Nigeria: Kidnapping Poses Threat to Food Security, Businesses

Years of unrest in Zamfara State has claimed thousands of lives and left whole communities destitute

The upsurge in kidnapping, especially in the north-west, is threatening agricultural activities with both big and small farmers forced to abandon their farms, Daily Trust investigations have shown.

Other local businesses are also threatened as traders feel unsafe to travel for fear of being kidnapped.

Even the organisers of the 40th Kaduna International Trade Fair attributed the low turnout of participants at the fair to the information regarding the security situation in the state.

Our correspondents learnt that most of the exhibitors at the fair had to travel by road through Abuja with their wares but were wary of the security risks.

Agriculture is the mainstay of the economy of Northern Nigeria, and many Nigerians rely on grains, vegetables and other produce from the region.

A large scale farmer and owner of Al-gulam Integrated Farm near Keffi, Nasarawa State, Alhaji Isa Musa yaro, told Daily Trust on phone that he had shut down the entire farm because of fear of kidnapping.

He said farming has become risky as 'young guys' now move around with Ak-47 rifles looking for who to kidnap.

Yaro said he had over 80 hectares of irrigated farms, more than 300 cows, sheep and fisheries but all now is history.

"People, especially my workers, are begging me to return to the farm but I won't because I can't guarantee their security. God forbid, if any of them gets kidnapped, how will I get the money those people usually asked for?"

He said during Ramadan fasting, he usually produce around one million watermelons from the farm but it will not happen this year as the farm has been closed down.

The Chief Executive of Deenat Integrated Farm along Jere-Kagarko road, Alhaji Mannir Umar, said he also almost closed down the farm because of the worsening security situation in the area.

He told Daily Trust that the farming belt in Northern Nigeria is in trouble, adding that most of the farming states in the north are facing one form of security or the other.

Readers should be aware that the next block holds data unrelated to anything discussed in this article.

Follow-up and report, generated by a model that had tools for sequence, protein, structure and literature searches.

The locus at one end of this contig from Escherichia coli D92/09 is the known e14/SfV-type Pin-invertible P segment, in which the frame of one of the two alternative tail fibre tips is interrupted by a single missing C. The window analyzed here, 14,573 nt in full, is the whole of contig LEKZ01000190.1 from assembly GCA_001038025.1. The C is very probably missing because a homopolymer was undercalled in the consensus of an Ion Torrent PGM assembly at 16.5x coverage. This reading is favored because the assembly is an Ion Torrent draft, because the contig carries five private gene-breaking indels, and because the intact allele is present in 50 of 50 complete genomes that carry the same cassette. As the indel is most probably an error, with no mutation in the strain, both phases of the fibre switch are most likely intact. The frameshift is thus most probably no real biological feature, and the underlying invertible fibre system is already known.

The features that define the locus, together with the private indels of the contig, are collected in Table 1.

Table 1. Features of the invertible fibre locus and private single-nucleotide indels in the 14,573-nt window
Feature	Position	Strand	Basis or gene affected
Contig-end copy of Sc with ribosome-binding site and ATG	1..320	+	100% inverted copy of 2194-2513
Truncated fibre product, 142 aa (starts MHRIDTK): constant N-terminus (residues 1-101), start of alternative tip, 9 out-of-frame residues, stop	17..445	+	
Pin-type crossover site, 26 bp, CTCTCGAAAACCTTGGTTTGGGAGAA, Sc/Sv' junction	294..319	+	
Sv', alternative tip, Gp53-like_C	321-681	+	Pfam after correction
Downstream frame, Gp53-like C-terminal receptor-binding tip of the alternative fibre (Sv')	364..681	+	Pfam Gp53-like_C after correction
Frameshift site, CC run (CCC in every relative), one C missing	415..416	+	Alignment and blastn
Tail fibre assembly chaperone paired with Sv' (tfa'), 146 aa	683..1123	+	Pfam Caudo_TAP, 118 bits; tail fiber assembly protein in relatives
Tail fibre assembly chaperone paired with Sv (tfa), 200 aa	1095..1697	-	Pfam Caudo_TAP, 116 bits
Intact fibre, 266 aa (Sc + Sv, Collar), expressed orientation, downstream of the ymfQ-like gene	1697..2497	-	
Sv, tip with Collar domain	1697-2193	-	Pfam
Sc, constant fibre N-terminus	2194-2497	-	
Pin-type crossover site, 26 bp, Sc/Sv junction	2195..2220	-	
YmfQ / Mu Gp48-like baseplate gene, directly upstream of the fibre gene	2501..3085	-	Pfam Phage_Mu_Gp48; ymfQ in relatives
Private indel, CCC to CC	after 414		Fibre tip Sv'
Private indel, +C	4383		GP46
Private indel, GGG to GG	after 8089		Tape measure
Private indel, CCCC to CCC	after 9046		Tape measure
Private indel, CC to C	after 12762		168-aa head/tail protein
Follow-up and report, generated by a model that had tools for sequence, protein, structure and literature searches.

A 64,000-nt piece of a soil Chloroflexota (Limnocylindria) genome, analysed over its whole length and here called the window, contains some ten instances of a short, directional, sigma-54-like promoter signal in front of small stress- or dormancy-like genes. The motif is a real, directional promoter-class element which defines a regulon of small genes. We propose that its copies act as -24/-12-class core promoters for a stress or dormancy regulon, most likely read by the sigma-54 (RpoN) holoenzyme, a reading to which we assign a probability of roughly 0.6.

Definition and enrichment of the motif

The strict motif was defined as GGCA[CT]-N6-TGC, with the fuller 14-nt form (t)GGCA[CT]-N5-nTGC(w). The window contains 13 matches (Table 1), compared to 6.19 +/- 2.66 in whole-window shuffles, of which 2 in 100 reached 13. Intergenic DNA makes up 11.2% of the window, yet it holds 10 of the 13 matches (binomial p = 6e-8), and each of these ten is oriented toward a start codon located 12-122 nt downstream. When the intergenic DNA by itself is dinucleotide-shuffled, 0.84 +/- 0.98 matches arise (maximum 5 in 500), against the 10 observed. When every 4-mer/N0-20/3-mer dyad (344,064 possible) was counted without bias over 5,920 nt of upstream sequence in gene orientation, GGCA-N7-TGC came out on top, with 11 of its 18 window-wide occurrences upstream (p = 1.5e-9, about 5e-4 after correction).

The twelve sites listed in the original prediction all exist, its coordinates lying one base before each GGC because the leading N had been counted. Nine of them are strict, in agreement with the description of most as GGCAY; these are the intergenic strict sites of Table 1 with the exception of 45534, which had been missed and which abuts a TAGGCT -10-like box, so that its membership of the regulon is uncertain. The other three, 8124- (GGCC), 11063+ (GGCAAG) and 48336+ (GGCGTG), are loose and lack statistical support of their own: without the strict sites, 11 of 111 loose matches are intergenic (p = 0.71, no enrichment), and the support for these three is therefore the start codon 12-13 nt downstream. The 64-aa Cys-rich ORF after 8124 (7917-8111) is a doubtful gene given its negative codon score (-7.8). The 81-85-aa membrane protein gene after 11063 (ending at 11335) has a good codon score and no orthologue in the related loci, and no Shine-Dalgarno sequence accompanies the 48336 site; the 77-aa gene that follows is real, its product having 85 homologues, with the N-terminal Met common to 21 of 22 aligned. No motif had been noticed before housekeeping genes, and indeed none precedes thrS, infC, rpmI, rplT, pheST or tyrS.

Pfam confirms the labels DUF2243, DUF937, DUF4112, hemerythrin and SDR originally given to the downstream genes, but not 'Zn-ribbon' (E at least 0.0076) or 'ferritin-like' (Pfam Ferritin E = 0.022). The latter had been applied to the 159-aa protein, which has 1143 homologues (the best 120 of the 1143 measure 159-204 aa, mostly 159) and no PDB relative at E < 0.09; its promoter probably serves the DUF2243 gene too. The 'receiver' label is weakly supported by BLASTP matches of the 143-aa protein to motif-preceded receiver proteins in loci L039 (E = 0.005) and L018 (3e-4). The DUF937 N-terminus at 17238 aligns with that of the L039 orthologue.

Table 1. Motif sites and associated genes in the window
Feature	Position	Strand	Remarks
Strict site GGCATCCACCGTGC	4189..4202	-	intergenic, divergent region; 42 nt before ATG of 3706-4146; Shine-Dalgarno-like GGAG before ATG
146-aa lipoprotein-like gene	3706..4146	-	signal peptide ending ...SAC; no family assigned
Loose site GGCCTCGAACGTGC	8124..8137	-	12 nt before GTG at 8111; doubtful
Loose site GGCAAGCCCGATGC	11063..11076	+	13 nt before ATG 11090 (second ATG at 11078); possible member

Mannir said his farm was still operational because of the military presence around the area but regretted that the military men are now being withdrawn to worst hit areas like Zamfara and some parts Kaduna and Katsina states.

'Crops on 5000 Zamfara hectres un-harvested in 2018'

Crops on about 5000 hectres of farmlands in Zamfara State could not be harvested last year because of banditry, the Secretary, All Farmers Association of Nigeria in the state Alhaji Sa'idu Garkuwa told Daily Trust.

He said fear of being killed or kidnapped forced the farmers to abandon the crops, adding that more than 5000 hectres of lands may also go uncultivated in the state following the incessant assaults on farmers.

He said a farmer who went for land clearance shortly before the start of the rainy season last year, was forced by bandits to put out the flames of burning corn stalk using his feat.

"If something urgent is not done there is bound to be a serious food shortage in the years ahead. Farmers are being forced to abandon lands in the state," Garkuwa said.

Last week, 10 onion farmers were killed while working on their farms in Kursasa village in Kware district of Shinkafi local government area of the state, while in Kawaye district in Anka local government area about 12 villages have been deserted owing to series of abductions by the armed bandits in the last four years.

A farmer, Aliyu Muhammad Kawaye, told Daily Trust that some of the residents that fled their homes were taking shelter in his village before they were displaced again by the attack on his community last month.

"I can tell you that in Kawaye district only Dawan Jiya community is not deserted. In August last year, villages like Tamuzge, Sabuwar Tunga, Tungar Daji, Tashar Birai, Tintija, were deserted," he said.

'Our towns are dying'

In Katsina, most farmers have already given up farming this year for fear of abduction for ransom.

A community leader in Jibia, who does not want his name mentioned, said last year I was able to bring in more than 60 big farmers during the dry season farming to the Jibia irrigation sites but this year no one agreed to come for fear of kidnappers.

"The water is just wasting, they told me that our town is not safe anymore, they will prefer to remain in the cities this time around," he said

"I tried to reach out to some seeing the raining season is coming but they also resisted. Our town is fast dying," he added.

He said our international weekly markets of Jibia, Gurbi and Shinkafi are being deserted, adding that "the turnout keeps reducing by the day because there is hardly a market day that bandits won't block major roads kidnapping locals."